Client – AG Listener – Readable Secondary – AG Listener – Client
so
Client – SQLAG01 – SQL2 – SQLAG01 – Client

This way the primary server (in this case SQL1) would arbitrate all the traffic for the query that comes in. In fact read routing does not function this way.

In order to perform the expected task of reducing the load on the primary the primary actually tells the client to redirect to the secondary server, and so the process goes:

download (6)

The correct communication is

Client – AG Listener – Secondary – AG Listener – Client – Secondary – Client
or
Client – SQLAGL01 – SQL2 – SQLAGL01 – Client – SQL2 – Client

When the client request comes in SQL has to check that the readable secondary is available to accept the query (otherwise it will go to the next server in the routing list, which is why you should always have the primary as the last server in the routing list, just in case every other server is out of service).

This means the query will take a little longer to execute as the arbitration and network changes will take additional milliseconds to complete (why it is not ideal for small, fast selects).

 

Where does the firewall come in?

Using a firewall and only opening up the IP of the Listener is the best way to handle security, but if you want to use readable secondary server and read-intent routing that’s not going to work. Due to the way that the traffic is routed you would need to open up the firewall to each individual server and port that would be a secondary.

So in our above example the firewall would need to be opened to SQLAGL01, SQL1 & SQL2 in order to support client requests. If those rules aren’t opened then you’re client traffic will be blocked and you’ll get the dreaded “Named Pipes Provider: Error 40” error, which isn’t much of a help.

 

Testing your read-intent connections

A really useful way of testing your read-intent connections is to use a quick PowerShell script from your front end server (if running Windows) prior to putting it into rotation. Download Check-ReadRouting.PS1 and enter the AG Listener name, or IP Address and the name of a database in the AG. If things are working correctly it will return the name of the primary and first server in your read-only routing list.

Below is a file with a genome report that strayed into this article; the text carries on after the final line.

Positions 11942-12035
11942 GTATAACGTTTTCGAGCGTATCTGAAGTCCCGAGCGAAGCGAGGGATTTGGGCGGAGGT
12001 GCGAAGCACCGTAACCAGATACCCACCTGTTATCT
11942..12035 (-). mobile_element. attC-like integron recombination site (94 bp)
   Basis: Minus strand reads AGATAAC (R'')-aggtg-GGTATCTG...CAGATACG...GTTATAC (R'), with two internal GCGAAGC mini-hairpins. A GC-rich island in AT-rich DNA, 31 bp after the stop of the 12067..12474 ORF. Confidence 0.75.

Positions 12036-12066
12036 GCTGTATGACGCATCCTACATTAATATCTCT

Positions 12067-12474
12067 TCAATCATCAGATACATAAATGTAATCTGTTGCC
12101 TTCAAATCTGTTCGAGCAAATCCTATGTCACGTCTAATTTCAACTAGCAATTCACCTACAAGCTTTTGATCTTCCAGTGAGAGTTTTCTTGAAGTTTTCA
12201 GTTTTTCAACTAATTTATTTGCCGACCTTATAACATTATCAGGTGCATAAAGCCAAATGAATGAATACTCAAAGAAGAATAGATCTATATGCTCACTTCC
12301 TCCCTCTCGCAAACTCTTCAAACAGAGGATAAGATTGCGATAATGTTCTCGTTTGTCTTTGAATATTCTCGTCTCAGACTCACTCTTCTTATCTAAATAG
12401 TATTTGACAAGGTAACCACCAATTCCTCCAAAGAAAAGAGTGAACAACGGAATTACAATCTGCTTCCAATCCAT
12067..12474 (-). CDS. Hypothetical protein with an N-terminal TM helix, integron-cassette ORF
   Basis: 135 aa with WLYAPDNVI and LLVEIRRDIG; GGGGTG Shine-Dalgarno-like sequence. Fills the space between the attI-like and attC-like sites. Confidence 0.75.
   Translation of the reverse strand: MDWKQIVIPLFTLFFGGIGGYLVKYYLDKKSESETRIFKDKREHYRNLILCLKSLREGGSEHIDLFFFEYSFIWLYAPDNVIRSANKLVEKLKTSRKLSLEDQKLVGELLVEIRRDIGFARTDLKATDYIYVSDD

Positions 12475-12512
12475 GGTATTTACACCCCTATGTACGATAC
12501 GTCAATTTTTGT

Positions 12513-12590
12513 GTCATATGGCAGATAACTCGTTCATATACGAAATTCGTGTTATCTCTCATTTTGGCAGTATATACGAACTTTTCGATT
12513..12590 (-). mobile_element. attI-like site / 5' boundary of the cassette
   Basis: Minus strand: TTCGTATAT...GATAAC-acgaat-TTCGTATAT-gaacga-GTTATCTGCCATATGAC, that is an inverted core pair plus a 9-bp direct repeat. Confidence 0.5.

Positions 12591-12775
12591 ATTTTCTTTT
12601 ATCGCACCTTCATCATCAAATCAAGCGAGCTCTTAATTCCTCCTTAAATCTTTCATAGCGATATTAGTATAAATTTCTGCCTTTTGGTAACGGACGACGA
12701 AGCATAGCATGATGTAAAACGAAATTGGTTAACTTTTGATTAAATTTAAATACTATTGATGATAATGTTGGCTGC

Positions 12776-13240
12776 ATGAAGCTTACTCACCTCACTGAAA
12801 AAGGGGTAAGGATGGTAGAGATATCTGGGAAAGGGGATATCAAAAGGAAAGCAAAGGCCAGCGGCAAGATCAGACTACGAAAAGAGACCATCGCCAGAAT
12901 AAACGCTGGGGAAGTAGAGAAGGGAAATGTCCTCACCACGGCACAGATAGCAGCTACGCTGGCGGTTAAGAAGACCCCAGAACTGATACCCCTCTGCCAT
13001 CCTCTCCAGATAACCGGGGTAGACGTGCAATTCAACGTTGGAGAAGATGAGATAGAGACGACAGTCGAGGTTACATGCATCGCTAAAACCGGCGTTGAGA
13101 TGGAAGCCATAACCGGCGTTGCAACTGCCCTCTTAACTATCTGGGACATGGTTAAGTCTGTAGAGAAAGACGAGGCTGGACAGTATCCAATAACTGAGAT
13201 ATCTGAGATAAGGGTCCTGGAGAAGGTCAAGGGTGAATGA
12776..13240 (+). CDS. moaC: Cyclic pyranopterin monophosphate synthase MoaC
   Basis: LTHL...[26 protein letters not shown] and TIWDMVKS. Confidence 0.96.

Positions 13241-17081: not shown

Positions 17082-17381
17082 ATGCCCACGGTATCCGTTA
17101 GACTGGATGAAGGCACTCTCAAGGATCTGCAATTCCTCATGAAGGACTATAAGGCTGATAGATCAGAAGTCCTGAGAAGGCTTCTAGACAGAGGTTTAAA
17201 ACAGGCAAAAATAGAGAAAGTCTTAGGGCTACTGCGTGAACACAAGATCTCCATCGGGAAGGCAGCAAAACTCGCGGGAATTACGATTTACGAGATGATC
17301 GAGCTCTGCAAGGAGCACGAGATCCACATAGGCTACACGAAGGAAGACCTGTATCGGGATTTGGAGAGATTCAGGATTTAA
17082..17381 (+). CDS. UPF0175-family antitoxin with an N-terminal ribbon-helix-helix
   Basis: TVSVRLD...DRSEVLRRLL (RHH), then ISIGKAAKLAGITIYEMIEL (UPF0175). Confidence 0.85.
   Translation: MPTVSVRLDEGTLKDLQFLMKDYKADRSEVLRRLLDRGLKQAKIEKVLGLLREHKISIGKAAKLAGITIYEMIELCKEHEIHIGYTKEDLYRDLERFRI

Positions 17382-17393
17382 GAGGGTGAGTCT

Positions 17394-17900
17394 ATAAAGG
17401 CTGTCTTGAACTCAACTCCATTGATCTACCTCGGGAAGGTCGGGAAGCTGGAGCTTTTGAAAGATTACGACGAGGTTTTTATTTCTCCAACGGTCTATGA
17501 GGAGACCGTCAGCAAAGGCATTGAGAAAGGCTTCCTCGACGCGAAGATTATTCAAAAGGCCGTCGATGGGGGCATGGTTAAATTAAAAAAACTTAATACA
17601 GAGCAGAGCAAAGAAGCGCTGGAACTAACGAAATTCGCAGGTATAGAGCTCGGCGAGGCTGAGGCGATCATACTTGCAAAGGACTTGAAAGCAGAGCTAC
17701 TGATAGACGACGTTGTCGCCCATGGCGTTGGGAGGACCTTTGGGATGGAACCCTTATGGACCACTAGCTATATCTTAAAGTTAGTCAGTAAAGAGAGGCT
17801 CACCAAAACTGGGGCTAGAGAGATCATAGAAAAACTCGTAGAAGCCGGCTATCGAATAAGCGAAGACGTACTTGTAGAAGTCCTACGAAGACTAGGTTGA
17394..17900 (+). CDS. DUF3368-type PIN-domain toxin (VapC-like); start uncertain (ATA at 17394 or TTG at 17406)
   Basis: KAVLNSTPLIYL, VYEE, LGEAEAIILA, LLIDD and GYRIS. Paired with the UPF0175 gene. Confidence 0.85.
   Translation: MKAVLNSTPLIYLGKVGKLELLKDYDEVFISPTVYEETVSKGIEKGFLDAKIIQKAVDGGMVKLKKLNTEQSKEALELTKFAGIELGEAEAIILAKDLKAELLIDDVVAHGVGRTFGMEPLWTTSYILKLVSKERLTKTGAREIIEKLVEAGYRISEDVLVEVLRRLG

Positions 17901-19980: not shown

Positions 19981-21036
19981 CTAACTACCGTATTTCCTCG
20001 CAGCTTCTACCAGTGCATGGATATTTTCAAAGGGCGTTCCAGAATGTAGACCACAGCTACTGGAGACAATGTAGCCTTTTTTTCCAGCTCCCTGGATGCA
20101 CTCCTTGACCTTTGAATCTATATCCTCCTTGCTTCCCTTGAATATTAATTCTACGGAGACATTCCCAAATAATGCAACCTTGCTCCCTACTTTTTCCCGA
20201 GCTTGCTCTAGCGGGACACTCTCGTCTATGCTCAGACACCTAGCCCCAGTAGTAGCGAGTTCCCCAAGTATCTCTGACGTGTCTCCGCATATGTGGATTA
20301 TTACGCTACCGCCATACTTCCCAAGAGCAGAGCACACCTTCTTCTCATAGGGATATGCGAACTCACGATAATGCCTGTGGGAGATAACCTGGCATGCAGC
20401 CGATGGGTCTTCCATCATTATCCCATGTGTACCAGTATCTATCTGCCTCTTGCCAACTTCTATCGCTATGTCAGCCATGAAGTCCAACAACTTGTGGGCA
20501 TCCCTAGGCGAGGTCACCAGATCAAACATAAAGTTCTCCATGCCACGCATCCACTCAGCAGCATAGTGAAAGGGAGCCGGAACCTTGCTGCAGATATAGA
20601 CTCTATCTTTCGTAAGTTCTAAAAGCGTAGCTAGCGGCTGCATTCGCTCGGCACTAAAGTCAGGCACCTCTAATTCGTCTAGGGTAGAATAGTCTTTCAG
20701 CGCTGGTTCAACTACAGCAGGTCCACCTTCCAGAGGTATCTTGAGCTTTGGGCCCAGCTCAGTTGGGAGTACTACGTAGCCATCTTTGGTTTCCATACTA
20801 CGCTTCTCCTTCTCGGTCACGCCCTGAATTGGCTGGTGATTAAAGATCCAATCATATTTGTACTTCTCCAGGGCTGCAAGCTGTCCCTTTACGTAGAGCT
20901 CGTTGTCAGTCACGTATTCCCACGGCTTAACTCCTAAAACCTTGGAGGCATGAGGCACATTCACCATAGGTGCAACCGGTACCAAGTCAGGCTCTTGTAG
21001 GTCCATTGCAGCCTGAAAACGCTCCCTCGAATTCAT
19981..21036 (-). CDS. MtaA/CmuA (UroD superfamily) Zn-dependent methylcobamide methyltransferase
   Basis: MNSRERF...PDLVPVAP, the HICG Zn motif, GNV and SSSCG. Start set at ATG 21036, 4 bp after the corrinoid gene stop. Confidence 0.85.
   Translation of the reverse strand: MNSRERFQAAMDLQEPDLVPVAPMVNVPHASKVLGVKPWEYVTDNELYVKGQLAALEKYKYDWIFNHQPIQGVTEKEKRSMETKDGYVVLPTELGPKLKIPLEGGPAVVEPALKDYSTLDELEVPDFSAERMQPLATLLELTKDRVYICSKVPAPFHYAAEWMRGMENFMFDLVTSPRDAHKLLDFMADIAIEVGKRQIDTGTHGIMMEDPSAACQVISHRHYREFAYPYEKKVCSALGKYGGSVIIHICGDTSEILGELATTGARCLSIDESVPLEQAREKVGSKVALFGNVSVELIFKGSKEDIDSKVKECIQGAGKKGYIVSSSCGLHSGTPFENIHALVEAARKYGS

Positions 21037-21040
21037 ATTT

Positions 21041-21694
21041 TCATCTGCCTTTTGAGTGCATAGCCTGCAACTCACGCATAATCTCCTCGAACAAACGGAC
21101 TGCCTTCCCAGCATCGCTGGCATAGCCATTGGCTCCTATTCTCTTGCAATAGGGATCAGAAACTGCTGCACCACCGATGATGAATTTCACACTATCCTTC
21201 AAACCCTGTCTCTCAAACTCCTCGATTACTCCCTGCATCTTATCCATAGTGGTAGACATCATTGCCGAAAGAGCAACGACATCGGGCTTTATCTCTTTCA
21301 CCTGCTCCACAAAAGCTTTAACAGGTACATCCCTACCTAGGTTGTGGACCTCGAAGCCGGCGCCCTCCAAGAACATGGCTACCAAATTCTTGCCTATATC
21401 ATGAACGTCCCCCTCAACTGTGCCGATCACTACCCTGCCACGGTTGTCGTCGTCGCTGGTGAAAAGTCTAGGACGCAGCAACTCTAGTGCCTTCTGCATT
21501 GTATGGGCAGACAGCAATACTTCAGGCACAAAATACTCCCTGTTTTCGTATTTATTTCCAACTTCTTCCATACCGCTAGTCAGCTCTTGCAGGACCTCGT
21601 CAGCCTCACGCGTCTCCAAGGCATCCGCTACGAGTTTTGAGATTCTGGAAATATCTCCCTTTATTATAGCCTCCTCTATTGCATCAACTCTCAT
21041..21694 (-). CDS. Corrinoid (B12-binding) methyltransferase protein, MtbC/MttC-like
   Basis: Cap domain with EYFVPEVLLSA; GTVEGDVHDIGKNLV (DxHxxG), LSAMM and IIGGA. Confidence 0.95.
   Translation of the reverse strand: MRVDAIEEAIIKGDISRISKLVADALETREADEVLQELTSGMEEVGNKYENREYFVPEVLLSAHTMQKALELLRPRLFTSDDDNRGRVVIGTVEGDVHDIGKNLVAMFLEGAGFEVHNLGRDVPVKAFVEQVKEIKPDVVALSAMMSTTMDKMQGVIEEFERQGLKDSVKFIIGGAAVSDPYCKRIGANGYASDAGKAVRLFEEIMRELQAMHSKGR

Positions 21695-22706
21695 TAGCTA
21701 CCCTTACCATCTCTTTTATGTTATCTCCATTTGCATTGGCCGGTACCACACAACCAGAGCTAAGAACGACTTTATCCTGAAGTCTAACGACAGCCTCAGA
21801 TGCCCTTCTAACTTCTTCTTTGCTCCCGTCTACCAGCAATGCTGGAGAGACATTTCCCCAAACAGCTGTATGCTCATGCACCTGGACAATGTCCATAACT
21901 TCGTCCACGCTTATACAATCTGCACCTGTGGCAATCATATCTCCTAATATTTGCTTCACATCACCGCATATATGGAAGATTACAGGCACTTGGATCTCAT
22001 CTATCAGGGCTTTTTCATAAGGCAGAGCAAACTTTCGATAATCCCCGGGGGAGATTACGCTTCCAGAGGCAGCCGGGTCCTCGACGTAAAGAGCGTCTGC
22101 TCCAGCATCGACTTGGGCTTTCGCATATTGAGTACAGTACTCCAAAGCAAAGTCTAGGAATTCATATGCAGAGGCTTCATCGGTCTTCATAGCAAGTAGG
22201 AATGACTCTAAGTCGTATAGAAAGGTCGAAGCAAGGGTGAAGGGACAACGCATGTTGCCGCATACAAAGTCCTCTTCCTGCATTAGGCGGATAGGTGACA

If you get a timeout then you have either not set the read-intent URL correctly for your secondary, or you are having firewall issues connecting, and so should investigate further.

 

Read-routing can be really powerful and useful, you just have to be careful of the gotchas in getting it working correctly.

 

Querying Change Tracking Tables Against a Secondary AG Replica

If you aren’t familiar with Change Tracking I would recommend heading out and reading Kendra Little’s Change Tracking master post which contains a wealth of information. 

I’ve been using CT for a while now and it does what it says on the box. The performance can be painful when querying tables that have changed a lot (the changetable function performs a huge amount of aggregation and seems to be optimized for 1000 rows of data). One of the things that I’ve always wanted to do is perform loads into an ODS from a DR site. 

I use AvailabilityGroups to ensure that a near real-time copy of the data is kept in another data center in another part of the country. I’ve tried a couple of times to query the change information from one of the secondary replicas, but sadly it’s not supported and so I would get the error

Msg 22117, Level 16, State 1, Line 1
For databases that are members of a secondary availability replica, change tracking is not supported. Run change tracking queries on the databases in the primary availability replica.

 

Yesterday I was messing around with database snapshots and was really happy to discover that it is possible to use the changetable function against a snapshot and not receive any errors. This will only work against readable secondary replicas (as the database needs to be online in order to be able to take the snapshot).

This is also the case with log shipped copies of databases. If the database is in standby then you can access the changetable function directly, or do so off a snapshot.